The Bush administration's "misguided" policies are to blame for huge U.S. fiscal deficits and tax cuts for the wealthiest Americans must end, U.S. Treasury Secretary Timothy Geithner said on Wednesday.
Striking a note of austerity in prepared remarks to a conference, Geithner said extending tax cuts for those making over $250,000 a year will only add to deficits.
"Borrowing to finance tax cuts for the top two percent would be a $700 billion fiscal mistake," he said in speech, excerpts of which were released by the U.S. Treasury ahead of the event sponsored by the Center for American Progress and the American Action Forum.
"It's not the prescription the economy needs now, and the country can't afford it."
Ahead of November's U.S. congressional elections, President Barack Obama's Democratic party is struggling to maintain its support as the economic recovery slows and unemployment remains high.
Tax cuts enacted during the Bush administration are scheduled to expire at the end of this year and are a hot-button political issue. Republicans have ramped up their rhetoric in recent days. They accuse Democrats of jeopardizing the economy if all the tax cuts are not extended.
Obama and most Democrats want to extend them for individuals making less than $200,000, or families earning less than $250,000 — about 97 percent of all Americans.
Republicans and a sprinkling of Democrats have been making a case for extending them on grounds that not doing so would effectively mean a tax increase that might further hobble a soft recovery from recession.
"We look forward to the debate about raising taxes in the middle of a recession," Senate Republican leader Mitch McConnell said on Tuesday.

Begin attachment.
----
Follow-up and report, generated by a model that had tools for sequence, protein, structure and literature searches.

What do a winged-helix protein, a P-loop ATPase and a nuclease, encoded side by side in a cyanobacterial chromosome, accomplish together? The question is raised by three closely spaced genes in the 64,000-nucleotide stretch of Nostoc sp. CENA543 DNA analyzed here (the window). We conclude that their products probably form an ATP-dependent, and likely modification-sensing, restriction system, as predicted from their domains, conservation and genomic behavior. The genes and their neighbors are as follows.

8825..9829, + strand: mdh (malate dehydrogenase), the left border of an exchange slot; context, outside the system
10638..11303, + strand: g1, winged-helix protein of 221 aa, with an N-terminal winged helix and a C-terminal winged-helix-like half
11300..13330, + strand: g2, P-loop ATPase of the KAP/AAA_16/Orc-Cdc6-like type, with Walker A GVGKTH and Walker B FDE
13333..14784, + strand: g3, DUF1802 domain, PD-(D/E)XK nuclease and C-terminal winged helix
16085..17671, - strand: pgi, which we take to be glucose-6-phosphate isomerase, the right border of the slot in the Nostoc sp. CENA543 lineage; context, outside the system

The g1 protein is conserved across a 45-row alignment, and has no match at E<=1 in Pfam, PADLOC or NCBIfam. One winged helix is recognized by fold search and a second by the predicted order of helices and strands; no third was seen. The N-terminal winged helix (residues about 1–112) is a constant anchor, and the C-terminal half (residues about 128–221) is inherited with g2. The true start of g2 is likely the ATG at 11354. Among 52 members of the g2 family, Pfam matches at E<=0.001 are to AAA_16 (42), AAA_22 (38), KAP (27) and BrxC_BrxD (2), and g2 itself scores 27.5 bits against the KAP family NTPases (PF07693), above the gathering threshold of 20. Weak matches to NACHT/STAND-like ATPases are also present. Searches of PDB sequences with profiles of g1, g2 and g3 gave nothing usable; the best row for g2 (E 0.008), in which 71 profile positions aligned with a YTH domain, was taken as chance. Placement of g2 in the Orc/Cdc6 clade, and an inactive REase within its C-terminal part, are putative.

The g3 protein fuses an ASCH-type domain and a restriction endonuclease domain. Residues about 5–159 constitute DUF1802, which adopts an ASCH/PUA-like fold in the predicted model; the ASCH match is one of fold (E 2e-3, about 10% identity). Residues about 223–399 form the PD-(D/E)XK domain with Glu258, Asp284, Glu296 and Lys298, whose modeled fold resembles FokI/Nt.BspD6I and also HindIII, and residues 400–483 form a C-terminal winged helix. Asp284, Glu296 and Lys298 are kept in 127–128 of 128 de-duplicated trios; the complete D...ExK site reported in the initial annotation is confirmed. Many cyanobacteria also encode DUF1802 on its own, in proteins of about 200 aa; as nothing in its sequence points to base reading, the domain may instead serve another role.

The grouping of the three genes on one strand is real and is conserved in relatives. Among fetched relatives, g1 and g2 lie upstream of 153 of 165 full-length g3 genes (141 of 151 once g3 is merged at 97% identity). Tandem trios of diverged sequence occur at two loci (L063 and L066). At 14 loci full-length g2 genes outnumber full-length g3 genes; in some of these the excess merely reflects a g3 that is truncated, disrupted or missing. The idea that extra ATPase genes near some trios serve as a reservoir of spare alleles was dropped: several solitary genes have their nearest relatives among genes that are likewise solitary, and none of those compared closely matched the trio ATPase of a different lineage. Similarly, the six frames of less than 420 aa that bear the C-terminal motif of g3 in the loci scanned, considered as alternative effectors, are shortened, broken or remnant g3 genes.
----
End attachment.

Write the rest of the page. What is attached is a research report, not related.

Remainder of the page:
Congress must take action to extend any part of the tax cuts. Dividend rates will rise from 15 percent to 40 percent with no action, a key source of stress among investors.
Separately, a top Treasury official said the department is assuming that Congress will let tax cuts for the wealthiest Americans expire at year-end and that it will take in billions of dollars more.
Mary Miller, assistant secretary for financial markets, told a news conference that current borrowing plans anticipate the Bush administration's cuts for those earning over $250,000 will end.
Geithner harked back to the former Clinton administration's record of posting surpluses in the late 1990s, contrasting it with the succeeding Bush administration that he said ran up huge debts, and caused Americans' incomes to stagnate with few jobs created.
"We are living today with the damage that misguided policy caused," Geithner said, adding that country needed to choose a new course.
"Rather than recreating a false prosperity fueled by debt and passing the bills on to the next generation, we need to restore America to a pro-growth tax and fiscal policy," he said.
It was Geithner's second major address of the week. On Monday he urged Wall Street's big banks to step up and make more loans and pledging not to pile new rules on top of old during the implementation of a financial regulatory overhaul.
Global investors are closely monitoring U.S. efforts to rein in budget deficits for fear that failing to do so might hurt the country's ability to keep borrowing and to expand output.
Geithner said on Tuesday in a New York Times editorial that the U.S. economy was healing but conceded it "has a long way to go before reaching its full potential."
He also said the effects of the deep recession that followed the 2007-2009 financial crisis were a lingering burden that needed to be dealt with in order to spur more vigorous growth.
"We have a long way to go to address the fiscal trauma and damage across the country, and we will need to monitor the ups and downs in the economy month by month," Geithner wrote.
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